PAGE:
Choose Your Words Wisely

“Even though our intentions may not be malicious, we adults often use certain words out of habit – I hate that, this is stupid, don’t be dumb, such a loser, etc. Kids are sponges, so it’s no surprise that these words quickly transfer to their vocabularies. Such careless comments can even influence self-esteem when children are on the receiving end of them. Not long ago, I learned a valuable lesson from a little friend. At his pre-school, it was suggested that rather than saying that he “hated” something, he could try saying “it’s not my cup of tea.” That stuck with me. Now I often catch myself mid-blurt and try to think about what I really mean—and how those words will be perceived by their recipient—when I’m about to say something like “that’s a dumb idea.” Perhaps “that’s something to consider” or “I hadn’t thought of it that way” is a more respectful – and less judgmental – way to get my point across. Listening to ourselves and considering the words we choose can quickly shift thoughtless communication to thoughtful communication, and set a more positive tone for those little sponges to absorb.”
– Lisa Brown, Grants Manager

Parents of a certain age will recall the old saying, “Sticks and stones may break my bones, but names will never hurt me.” Many of us were taught to say that when others spoke to us unkindly. But name-calling by parents may do as much harm to children’s minds as any physical object might do to their bodies.

Granted, kids try our patience. That’s their job, right? Their choices often challenge our capacity to stay calm and cool. And sometimes, in the heat of a moment, we say things we later regret. But studies show that cruel or unkind words may be as damaging as hitting. And, unfortunately, disrespectful and/or demeaning parental discipline tends to magnify rather than resolve the contentious circumstances prompting an intervention in the first place—thereby increasing problems down the road.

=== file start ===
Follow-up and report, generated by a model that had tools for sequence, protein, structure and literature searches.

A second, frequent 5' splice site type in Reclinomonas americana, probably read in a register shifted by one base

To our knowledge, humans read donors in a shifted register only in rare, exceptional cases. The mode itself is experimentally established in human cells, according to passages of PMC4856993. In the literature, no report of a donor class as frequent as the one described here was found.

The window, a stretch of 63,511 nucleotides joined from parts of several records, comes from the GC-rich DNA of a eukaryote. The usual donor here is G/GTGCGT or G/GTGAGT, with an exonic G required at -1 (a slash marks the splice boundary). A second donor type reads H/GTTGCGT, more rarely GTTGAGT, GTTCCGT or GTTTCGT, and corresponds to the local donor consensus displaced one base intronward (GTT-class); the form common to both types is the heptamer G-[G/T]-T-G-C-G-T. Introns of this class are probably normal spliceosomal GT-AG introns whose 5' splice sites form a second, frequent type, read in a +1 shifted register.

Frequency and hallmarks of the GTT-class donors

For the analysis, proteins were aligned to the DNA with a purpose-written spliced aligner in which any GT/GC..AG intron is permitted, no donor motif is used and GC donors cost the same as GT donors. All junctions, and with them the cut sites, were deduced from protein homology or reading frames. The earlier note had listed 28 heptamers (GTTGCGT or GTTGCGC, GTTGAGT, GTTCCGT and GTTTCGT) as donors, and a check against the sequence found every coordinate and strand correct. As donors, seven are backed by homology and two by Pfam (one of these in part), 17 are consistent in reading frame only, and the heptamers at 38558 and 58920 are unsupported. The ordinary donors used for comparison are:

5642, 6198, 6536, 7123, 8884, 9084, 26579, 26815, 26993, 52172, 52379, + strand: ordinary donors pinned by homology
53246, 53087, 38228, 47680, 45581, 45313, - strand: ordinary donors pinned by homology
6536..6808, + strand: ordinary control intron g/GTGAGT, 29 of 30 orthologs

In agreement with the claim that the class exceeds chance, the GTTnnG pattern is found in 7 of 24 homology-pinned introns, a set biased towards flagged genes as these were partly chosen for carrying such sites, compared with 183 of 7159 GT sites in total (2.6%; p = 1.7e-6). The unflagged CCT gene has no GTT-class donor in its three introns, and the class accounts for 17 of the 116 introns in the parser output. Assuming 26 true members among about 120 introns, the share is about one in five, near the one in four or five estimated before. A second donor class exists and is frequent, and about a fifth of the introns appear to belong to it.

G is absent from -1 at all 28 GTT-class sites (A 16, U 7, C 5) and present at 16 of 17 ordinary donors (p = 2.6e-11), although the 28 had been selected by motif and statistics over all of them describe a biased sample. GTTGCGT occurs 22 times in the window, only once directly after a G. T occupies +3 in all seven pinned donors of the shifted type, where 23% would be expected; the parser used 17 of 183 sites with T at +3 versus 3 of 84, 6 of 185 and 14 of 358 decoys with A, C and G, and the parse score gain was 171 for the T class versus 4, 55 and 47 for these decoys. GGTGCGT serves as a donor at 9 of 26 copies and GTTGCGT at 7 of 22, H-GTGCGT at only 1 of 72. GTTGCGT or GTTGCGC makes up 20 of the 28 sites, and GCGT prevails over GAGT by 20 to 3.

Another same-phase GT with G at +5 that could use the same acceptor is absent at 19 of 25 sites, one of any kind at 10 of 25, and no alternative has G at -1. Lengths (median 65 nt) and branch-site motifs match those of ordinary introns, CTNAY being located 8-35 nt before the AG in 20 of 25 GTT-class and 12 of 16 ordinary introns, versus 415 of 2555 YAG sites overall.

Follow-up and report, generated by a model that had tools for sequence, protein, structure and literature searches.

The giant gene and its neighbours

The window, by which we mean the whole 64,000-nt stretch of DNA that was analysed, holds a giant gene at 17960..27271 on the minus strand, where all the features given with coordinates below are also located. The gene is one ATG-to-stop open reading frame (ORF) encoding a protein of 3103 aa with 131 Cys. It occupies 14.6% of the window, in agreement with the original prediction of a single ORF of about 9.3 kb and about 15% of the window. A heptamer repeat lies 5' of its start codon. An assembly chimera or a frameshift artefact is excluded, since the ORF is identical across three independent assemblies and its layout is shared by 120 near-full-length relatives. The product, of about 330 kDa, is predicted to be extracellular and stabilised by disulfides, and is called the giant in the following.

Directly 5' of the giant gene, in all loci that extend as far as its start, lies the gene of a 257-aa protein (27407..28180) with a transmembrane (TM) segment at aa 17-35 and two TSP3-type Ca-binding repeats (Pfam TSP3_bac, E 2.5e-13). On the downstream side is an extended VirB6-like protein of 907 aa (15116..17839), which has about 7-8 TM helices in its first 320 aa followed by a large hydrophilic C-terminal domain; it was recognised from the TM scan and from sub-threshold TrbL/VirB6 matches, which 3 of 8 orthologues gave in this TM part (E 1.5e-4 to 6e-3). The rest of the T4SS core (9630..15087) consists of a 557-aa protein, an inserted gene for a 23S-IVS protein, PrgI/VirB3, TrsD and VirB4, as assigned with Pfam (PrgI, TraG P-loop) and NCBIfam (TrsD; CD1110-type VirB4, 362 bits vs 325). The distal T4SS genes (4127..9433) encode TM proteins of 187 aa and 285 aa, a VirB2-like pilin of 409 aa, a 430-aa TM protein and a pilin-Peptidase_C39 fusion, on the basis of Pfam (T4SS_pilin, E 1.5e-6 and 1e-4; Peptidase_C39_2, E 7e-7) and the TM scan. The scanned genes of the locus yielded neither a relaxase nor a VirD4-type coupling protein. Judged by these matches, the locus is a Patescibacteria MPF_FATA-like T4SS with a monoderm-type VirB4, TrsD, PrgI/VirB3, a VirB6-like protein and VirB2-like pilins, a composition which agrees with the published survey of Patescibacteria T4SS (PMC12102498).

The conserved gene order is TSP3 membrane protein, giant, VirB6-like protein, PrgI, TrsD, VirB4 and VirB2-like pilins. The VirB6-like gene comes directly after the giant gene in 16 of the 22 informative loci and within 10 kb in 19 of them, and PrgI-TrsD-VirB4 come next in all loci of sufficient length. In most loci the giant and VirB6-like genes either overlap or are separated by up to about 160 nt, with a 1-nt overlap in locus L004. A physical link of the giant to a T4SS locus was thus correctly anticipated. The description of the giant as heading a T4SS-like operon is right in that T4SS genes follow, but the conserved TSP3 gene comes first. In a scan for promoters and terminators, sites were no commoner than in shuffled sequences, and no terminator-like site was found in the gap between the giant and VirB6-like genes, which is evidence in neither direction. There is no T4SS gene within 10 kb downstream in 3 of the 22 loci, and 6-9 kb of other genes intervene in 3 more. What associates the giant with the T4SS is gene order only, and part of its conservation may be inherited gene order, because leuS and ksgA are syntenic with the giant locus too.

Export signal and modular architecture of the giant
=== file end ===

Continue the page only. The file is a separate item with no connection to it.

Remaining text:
Shouting and yelling takes a toll on even the youngest, non-verbal children—reinforcing withdrawal early on and heightening insecurity in the long run. Verbal abuse—like physical abuse and other traumatic events—can even compromise brain development.

It doesn’t take a rocket scientist to understand that kids who are verbally humiliated will have self-esteem issues. But children who endure frequent, degrading verbal discipline are likely to evidence higher levels of anxiety, depression, anger, and hostility. They can become hyper-sensitive and guilt-ridden. Consequently, they’re more likely to engage in aggressive or antisocial behavior and/or abuse drugs. And even coinciding demonstrations of parental warmth and affection are unlikely to mitigate the damage.

As might be expected, harsh verbal discipline tends to occur more often for kids who frequently misbehave. But the harsh words often perpetuate the acting out. So it can be a vicious cycle.

Bottom line: Kids seek and need approval from their parents (and other adults in positions of authority, such as teachers and coaches). They’re vulnerable when they don’t get it. Their confidence suffers. And by modeling disrespectful language, parents increase the odds their kids will turn into bullies. Or, alternately, become depressed, withdrawn, and even self-harmful.

So it’s really important for us to think before we speak. To choose our words wisely. To take deep breaths and make sure we’re in control of our own emotions before responding to theirs.

Here are five simple suggestions for keeping things positive—especially when discipline is involved:

  • Don’t compare your kids to others. On the contrary, reinforce the fact that their gifts (and the gifts of every human being) are unique. Acknowledge, reinforce, and cultivate their strengths.
  • Always try to be warm and responsive. Look for opportunities to celebrate and praise. Do so genuinely and frequently.
  • Avoid sarcasm.
  • Don’t project your anger with others on your kids. It’s not their fault that something bad happened to you. Process those emotions with friends and counselors.
  • When voicing disapproval, stop long enough to ask yourself if what you want to say is true? Is it kind? Is it necessary?

In the end, these are probably good ways to talk with everyone—not just our kids! But considering how absorbent those kids are, it’s certainly the tone we ought to be setting with them right from the start.

Note: This is the tenth in a series of tips for raising resilient kids. These reflections and others are being compiled into a book.

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